Economy

Paul Krugman: Showdown in Europe Raises the Ugly Specter of Fascism

Greece and especially Germany are playing a perilous game of chicken.

Photo Credit: via YouTube

Europe is playing a dangerous game of chicken, Paul Krugman writes in his column Friday. When the European Central Bank announced that it would no longer accept Greek government debt as collateral for loans on Wednesday, the move signaled that "the moment of truth is clearly approaching." Here's how Krugman sums up the current situation:

Germany to Greece: Nice banking system you got there. Be a shame if something were to happen to it.

Greece to Germany: Oh, yeah? Well, we’d hate to see your nice, shiny European Union get all banged up.

These fighting words are putting the whole European project at risk, Krugman warns. The standoff is also creating an opening for "sinister political forces that have been gaining influence as Europe’s Second Great Depression goes on and on," he writes. "After a tense meeting with his German counterpart, the new Greek finance minister didn’t hesitate to play the 1930s card. 'Nazism,' he declared, 'is raising its ugly head in Greece' — a reference to Golden Dawn, the not-so-neo-Nazi party that is now the third largest in the Greek legislature."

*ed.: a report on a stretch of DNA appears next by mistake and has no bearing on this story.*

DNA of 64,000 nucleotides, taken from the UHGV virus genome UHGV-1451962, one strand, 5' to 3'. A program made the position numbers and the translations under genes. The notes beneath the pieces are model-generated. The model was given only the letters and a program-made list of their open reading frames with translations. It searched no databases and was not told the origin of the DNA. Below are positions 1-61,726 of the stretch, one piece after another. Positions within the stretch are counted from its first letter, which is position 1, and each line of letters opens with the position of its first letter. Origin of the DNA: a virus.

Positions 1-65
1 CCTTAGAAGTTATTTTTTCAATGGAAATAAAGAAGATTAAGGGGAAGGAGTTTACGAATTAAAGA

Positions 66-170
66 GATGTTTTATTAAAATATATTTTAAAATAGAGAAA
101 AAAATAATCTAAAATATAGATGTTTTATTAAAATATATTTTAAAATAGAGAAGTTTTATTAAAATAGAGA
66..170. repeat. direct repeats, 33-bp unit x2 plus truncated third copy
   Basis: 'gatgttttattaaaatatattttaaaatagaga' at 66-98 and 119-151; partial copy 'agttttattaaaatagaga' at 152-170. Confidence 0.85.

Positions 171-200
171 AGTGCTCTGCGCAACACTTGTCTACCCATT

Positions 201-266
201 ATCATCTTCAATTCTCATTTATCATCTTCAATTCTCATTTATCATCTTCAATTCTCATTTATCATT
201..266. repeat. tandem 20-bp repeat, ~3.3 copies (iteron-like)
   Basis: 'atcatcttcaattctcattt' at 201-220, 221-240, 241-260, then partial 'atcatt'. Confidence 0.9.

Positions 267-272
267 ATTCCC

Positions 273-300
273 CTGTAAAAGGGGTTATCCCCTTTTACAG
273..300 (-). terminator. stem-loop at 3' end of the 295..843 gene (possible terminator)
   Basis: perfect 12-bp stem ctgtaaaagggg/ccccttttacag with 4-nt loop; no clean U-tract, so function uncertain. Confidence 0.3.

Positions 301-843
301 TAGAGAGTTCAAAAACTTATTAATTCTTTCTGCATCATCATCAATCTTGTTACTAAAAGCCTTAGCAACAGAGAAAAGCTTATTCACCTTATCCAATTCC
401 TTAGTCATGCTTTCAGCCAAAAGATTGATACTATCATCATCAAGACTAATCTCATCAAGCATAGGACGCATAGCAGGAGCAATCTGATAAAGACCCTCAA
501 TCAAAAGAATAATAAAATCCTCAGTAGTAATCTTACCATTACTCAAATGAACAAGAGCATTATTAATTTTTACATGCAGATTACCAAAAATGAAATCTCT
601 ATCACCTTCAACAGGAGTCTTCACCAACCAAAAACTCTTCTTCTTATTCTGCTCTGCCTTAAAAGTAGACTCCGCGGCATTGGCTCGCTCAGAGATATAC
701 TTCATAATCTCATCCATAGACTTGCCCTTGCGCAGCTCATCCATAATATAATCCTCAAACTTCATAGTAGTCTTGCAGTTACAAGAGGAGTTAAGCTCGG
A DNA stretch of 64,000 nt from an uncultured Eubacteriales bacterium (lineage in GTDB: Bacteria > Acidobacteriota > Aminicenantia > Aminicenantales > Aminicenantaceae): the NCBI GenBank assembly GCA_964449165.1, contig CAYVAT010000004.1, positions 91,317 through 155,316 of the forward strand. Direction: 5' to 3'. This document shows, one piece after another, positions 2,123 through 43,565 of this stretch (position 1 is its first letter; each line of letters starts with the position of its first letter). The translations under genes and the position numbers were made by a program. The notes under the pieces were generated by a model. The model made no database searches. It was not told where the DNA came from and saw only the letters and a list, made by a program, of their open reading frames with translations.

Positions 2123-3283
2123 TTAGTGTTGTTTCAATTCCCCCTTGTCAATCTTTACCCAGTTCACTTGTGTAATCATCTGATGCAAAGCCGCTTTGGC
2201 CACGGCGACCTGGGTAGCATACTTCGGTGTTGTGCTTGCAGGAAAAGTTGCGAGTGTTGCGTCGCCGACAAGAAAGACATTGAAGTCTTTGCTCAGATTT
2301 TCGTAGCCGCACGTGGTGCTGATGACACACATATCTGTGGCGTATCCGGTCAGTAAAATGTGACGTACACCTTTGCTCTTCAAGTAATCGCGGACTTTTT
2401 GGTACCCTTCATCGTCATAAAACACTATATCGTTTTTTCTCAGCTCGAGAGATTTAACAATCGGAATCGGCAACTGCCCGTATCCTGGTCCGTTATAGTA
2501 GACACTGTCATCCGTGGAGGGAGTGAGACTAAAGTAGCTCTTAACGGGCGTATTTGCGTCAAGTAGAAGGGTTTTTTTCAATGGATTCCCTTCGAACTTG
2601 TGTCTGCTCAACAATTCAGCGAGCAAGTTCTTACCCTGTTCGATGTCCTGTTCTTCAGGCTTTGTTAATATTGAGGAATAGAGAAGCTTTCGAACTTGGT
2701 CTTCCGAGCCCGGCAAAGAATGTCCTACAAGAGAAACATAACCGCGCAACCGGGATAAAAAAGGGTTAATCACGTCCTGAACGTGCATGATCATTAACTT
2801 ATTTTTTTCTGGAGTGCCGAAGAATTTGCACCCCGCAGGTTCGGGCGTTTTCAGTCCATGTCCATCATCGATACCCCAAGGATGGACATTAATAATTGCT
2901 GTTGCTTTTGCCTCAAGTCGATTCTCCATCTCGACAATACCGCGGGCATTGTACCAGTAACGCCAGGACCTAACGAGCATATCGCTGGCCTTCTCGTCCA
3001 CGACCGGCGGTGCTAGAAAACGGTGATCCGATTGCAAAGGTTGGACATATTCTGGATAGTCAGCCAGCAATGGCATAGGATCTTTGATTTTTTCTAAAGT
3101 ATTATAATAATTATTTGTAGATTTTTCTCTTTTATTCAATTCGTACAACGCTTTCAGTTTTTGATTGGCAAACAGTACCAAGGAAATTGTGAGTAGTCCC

How on earth, and why on earth would Germany allow itself to approach this dangerous brink? The crisis arises from political pandering, in Krugman's view—German chancellor Angela Merkel's and company's political pandering, that is. Despite the clear evidence that there is no way that Greece can repay its debt, Merkel keeps up the tough, moralizing talk and even plays on stereotypes of lazy southern Europeans. Apart from the potential appeal to some of her more right-wing constituents, what could be behind this strategy? Krugman speculates:

Maybe the Germans imagine that they can replay the events of 2010, when the central bank coerced Ireland into accepting an austerity program by threatening to cut off its banking system. But that’s unlikely to work against a government that has seen the damage wrought by austerity, and was elected on a promise to reverse that damage.

The one bright spot, according to Krugman is that there are signs that the European Central Bank might not go a long with Germany's tough and futile talk. And if Germany won't stop, the Central Bank may be the only thing safeguarding "Europe’s economy and democratic institutions."

Stay tuned.

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